‘(5) This Part of the Act shall not come into effect until a Minister of the Crown has laid a report before each House of Parliament setting out the impact of this Act on faith communities in the UK.
(6) A report under subsection (5) must consider in particular the ability of members and representatives of faith communities from the EEA and Switzerland to enter the UK for purposes related to their faith.
(7) A Minister of the Crown must, not later than six months after the report has been laid before Parliament, make a motion in the House of Commons in relation to the report.
(8) In this section,
“faith communities” means a group of individuals united by a clear structure and system of religious or spiritual beliefs.”
This amendment requires the government to report to Parliament on the implications of this Bill for faith communities, including the ability of members of faith communities to come to the UK for reasons connected with their faith.
Some 18 months or so ago, the then Minister of State for Immigration issued a written statement announcing changes to immigration rules. Apparently, those changes were to ensure that ministers of religion could no longer apply for a tier 5 religious worker visa; instead, they would have to apply for a tier 2 minister of religion visa. As I understand it, that was done because of a fear at the Home Office that people were coming in under the tier 5 visa route and leading worship while not having the level of English that the Home Office decided would be necessary to perform such a function. The explanatory memorandum said:
“The Immigration Rules currently permit Tier 5 Religious Workers to fill roles which ‘may include preaching, pastoral work and non-pastoral work’. This allows a migrant to come to the UK and fill a role as a Minister of Religion without demonstrating an ability to speak English.”
For some reason, the Home Office also decided to introduce a cooling-off period. The explanatory memorandum said:
“The ‘cooling off’ period will ensure Tier 5 Religious workers and Charity Workers spend a minimum of 12 months outside the UK before returning in either category. This will prevent migrants from applying for consecutive visas, thereby using the routes to live in the UK for extended periods, so as to reflect the temporary purpose of the routes better.”
I have been in discussions with representatives of the Catholic Bishops’ Conference about migration to both Scotland and England. They tell me that most Catholic dioceses previously used tier 5 religious worker visas for priests to come here on supply placements while parish priests were away for short periods because of sickness, training or annual leave. Those supply placements were essential, as they allow Catholics to continue attending mass while keeping parish activities running smoothly. That allows the parish to continue to function while the parish priest is off through illness, going on a retreat or accompanying parish groups on outings, or even just taking a holiday.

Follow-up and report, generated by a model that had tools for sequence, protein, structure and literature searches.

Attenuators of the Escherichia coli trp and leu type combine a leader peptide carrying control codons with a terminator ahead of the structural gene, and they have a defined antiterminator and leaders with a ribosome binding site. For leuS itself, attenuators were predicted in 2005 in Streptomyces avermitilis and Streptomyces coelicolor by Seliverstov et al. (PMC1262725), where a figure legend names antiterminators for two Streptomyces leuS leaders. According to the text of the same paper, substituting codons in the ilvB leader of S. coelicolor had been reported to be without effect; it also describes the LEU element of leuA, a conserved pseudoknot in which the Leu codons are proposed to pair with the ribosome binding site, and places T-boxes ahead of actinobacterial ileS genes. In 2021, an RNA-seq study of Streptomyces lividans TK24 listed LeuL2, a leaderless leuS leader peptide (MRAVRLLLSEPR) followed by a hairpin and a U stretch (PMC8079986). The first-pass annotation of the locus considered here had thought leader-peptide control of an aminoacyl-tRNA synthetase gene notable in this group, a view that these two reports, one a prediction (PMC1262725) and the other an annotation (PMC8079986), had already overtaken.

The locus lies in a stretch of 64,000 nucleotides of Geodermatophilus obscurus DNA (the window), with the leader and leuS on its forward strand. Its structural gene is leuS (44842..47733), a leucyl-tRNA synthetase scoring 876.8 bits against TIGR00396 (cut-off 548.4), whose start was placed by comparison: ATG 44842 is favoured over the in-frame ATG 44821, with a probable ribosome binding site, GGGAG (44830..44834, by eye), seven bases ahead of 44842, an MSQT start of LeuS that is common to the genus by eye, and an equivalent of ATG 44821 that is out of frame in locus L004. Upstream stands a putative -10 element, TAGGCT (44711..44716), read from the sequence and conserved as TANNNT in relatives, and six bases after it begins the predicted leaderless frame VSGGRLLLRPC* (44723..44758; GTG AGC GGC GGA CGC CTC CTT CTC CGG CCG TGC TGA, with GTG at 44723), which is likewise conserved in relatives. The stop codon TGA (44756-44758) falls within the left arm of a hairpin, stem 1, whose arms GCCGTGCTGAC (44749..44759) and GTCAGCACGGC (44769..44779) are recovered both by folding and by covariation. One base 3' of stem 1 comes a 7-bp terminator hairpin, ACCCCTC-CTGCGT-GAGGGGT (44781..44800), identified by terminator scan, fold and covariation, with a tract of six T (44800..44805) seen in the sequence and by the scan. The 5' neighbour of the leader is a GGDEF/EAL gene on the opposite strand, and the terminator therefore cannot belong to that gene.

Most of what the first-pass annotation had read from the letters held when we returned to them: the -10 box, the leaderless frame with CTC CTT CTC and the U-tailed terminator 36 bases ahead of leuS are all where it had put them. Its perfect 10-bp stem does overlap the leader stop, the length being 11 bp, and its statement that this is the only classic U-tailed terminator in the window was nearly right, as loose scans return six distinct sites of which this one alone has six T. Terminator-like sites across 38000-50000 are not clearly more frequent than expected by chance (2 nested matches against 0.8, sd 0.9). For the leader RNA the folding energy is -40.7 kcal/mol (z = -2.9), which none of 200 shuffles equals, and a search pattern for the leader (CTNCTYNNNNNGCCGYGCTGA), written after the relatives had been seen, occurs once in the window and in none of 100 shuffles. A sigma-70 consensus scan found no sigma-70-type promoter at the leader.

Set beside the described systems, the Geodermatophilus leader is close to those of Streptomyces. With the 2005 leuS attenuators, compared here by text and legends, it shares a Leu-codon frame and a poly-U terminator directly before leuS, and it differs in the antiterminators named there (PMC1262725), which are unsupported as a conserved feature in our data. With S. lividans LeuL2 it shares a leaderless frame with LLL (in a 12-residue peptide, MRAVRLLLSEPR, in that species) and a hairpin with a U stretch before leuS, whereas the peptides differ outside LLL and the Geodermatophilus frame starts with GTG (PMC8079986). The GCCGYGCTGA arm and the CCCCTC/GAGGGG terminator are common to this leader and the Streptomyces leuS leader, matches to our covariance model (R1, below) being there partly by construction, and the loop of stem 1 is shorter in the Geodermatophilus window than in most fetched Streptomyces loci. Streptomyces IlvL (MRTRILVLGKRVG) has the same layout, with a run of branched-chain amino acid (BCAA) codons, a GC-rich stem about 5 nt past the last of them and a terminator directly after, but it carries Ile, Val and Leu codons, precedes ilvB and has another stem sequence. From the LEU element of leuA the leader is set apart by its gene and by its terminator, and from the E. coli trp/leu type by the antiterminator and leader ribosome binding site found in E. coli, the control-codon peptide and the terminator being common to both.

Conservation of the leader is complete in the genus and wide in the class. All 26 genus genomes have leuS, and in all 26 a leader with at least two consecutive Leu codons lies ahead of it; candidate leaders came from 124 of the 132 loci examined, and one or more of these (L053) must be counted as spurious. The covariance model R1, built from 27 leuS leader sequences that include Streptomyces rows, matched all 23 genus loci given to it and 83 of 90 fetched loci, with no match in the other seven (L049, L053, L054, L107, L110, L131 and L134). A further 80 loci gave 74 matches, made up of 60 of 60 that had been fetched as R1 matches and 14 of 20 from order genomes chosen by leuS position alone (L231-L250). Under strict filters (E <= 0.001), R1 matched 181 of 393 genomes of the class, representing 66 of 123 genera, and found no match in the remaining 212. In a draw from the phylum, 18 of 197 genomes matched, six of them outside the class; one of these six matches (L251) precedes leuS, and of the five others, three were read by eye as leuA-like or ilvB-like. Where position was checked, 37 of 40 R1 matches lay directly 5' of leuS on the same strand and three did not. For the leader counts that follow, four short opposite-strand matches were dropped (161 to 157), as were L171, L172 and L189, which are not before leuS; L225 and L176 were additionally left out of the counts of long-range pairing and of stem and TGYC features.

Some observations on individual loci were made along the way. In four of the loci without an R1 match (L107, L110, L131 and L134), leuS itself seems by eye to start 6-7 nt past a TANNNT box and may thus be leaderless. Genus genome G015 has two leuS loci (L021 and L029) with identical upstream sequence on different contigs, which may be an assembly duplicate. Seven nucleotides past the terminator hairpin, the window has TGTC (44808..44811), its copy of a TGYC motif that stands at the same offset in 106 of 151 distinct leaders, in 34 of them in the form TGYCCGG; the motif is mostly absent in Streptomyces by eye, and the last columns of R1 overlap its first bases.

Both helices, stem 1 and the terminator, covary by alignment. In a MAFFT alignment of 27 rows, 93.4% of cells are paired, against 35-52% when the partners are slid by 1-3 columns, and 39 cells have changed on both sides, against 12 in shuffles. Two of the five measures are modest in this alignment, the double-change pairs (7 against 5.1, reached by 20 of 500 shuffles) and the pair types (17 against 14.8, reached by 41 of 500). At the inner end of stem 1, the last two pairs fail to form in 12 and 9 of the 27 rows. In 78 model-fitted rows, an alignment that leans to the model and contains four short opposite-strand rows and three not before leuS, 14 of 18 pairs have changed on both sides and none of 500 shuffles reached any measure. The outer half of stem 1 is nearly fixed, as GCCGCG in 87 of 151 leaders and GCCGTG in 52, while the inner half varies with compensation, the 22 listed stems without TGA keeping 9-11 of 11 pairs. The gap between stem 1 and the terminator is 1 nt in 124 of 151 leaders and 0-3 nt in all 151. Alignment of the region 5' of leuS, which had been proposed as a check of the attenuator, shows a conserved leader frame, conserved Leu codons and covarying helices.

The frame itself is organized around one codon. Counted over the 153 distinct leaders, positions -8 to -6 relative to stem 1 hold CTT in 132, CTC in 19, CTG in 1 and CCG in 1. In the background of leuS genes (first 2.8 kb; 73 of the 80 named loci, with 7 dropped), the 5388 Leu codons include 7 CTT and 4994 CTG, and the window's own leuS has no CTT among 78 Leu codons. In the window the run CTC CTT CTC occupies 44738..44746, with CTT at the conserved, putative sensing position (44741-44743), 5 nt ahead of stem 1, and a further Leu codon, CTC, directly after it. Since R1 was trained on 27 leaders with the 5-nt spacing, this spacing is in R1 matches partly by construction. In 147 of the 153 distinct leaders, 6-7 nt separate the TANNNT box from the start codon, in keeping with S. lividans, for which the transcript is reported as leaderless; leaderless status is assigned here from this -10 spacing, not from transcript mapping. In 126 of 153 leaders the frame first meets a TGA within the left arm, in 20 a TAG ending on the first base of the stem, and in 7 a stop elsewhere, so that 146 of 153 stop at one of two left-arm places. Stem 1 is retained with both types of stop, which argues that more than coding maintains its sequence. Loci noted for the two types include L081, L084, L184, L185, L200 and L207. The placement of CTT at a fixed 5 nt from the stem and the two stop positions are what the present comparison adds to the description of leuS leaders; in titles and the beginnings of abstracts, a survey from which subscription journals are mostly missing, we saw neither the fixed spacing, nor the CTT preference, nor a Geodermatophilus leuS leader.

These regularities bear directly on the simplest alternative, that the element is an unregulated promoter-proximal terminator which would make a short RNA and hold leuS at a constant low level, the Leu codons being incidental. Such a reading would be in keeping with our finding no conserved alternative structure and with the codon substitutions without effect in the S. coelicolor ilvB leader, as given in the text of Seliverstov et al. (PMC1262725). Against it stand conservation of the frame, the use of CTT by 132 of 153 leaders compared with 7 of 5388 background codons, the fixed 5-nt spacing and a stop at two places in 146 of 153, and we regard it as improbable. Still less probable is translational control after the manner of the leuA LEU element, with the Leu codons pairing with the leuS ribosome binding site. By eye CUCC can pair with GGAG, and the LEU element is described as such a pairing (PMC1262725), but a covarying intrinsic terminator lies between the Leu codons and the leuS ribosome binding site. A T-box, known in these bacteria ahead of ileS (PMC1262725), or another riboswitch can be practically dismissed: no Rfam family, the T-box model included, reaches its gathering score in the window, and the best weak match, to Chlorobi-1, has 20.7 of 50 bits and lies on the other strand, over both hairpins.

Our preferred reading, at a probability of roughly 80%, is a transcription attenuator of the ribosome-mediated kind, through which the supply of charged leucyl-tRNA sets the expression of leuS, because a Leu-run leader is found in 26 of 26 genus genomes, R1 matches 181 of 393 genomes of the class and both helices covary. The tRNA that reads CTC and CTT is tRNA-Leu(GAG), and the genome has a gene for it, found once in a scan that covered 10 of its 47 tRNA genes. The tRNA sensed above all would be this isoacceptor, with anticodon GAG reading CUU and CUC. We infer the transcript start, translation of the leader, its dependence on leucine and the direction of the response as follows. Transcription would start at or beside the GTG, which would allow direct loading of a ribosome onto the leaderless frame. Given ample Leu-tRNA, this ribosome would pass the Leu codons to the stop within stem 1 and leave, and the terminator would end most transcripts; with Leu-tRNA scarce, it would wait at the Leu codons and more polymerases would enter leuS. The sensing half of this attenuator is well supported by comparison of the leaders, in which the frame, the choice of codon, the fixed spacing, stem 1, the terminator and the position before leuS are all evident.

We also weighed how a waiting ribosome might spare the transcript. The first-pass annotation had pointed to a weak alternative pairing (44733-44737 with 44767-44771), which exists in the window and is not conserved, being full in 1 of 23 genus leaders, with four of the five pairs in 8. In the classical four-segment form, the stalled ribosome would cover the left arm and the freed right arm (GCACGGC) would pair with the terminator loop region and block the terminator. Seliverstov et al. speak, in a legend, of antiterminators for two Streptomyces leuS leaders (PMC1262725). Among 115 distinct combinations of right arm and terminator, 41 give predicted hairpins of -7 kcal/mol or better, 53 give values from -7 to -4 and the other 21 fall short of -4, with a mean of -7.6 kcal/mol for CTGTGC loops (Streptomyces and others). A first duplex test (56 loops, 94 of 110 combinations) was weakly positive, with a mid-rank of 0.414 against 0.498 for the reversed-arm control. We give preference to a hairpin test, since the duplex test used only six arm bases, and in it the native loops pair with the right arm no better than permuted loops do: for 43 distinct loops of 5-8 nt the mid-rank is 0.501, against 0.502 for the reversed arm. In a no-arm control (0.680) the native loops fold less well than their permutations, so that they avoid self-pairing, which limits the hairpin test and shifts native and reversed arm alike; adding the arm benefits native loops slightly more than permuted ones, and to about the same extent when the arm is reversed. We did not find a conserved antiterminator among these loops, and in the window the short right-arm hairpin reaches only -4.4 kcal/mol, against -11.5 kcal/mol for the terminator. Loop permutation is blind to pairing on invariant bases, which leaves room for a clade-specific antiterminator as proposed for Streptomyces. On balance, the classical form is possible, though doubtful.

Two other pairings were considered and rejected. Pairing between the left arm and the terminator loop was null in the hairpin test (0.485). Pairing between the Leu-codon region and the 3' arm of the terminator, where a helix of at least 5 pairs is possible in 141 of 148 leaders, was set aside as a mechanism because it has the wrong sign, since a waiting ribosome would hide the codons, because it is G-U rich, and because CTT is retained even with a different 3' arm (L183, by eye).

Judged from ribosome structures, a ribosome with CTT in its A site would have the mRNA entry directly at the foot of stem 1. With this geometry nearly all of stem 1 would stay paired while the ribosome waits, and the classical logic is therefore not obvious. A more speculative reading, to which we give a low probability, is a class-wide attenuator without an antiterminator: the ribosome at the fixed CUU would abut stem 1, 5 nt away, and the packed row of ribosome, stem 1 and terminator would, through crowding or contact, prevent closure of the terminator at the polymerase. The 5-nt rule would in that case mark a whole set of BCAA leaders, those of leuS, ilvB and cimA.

A supply placement priest will lead the celebration of holy mass, including the celebration of the sacrament of marriage. He will lead funerals, including supporting bereaved family members, and visit the sick and elderly of the local community. In an age when social isolation and loneliness are increasing, the parish is a place where people can gather as a community to support one another and engage in friendship. It is not just about worship, but about the community hub that the church provides by offering spiritual and practical help and supporting the sick, the elderly, the needy and the vulnerable.
In my own constituency there is a Coptic Christian community; it is a closed order, so they do not preach. The system already works very well for non-EEA residents. Is the hon. Gentleman suggesting that, if we do not extend the scheme to the EEA, there will be barriers for people coming to the UK in the way that he describes?
I will come to that point in a minute. In short, the point made to me by the Catholic Church and other faith groups—we had a debate on this issue in Westminster Hall around the time of the changes—is that, actually, the system for non-EEA nationals used to work but does not work now, precisely because of the changes that the Home Office made 18 months or so ago.
The system is much more expensive now, and it is beyond most parishes’ ability to pay the fees for ministers to come in and lead worship. If they come in under tier 5, which is the much cheaper option, they are no longer allowed to lead worship or whatever else. They can perform a range of functions, but not the ones that are really needed, including leading worship.